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2017 Word of the Year

abnegation

[ab-ni-gey-shuh n] /ˌæb nɪˈgeɪ ʃən/
noun
1.
the act or an instance of abnegating, or denying oneself some rights, conveniences, etc.:
It was a time of austerity and abnegation.
2.
the act of relinquishing or giving up a right, possession, etc.:
abnegation of parental responsibilities.
Dictionary.com Unabridged
Based on the Random House Dictionary, © Random House, Inc. 2017.
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Examples from the Web for abnegation
Contemporary Examples
Historical Examples
  • There is something sublime in your abnegation if, indeed, you have had no other client this week.

    The Burning Spear John Galsworthy
  • No; even at his highest pitch of abnegation, he could not forget himself.

    Beyond John Galsworthy
  • There is not only the remission by indemnification but the remission by abnegation.

    Looking Backward Edward Bellamy
  • There was no peace except in the abnegation of all positive desire.

    Narcissus Evelyn Scott
  • And is what is left—if anything is left—an adequate price for the abnegation of manhood?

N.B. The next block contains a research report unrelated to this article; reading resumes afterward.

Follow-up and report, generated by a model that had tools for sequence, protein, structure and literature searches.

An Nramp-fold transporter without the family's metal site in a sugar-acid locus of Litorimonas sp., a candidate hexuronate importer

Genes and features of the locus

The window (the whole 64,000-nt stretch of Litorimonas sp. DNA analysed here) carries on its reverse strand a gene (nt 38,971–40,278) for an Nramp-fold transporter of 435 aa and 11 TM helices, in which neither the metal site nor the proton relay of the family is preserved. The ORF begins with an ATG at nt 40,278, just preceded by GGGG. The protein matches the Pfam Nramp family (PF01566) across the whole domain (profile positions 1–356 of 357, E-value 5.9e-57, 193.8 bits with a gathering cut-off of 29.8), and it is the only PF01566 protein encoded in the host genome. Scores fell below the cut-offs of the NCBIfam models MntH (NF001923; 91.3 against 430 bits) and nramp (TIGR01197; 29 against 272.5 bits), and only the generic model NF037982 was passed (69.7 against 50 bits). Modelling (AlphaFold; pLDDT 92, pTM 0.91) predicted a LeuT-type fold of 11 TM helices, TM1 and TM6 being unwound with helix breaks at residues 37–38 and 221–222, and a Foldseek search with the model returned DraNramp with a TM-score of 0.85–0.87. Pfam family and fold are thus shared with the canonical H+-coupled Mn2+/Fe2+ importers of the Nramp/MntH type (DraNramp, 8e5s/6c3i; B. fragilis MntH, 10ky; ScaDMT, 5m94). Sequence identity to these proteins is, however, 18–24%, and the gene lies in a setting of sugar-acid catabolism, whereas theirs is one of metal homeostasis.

Flowers of Freethought George W. Foote
  • Who could compel you to an abnegation which would cause you grief?

    Old Fritz and the New Era Louise Muhlbach
  • But it is possible, as I say, that you may exaggerate the abnegation required of you.

    Under Two Flags Ouida [Louise de la Ramee]
  • Why is there so much disavowal and abnegation in your hearts?

    Prophets of Dissent Otto Heller
Word Origin and History for abnegation
n.

late 14c., "a negative assertion," c.1500 as "self-denial," from Latin abnegationem (nominative abnegatio) "refusal, denial," noun of action from past participle stem of abnegare "to refuse, deny," from ab- "off, away from" (see ab-) + negare "to deny" (see deny).

Online Etymology Dictionary, © 2010 Douglas Harper
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13
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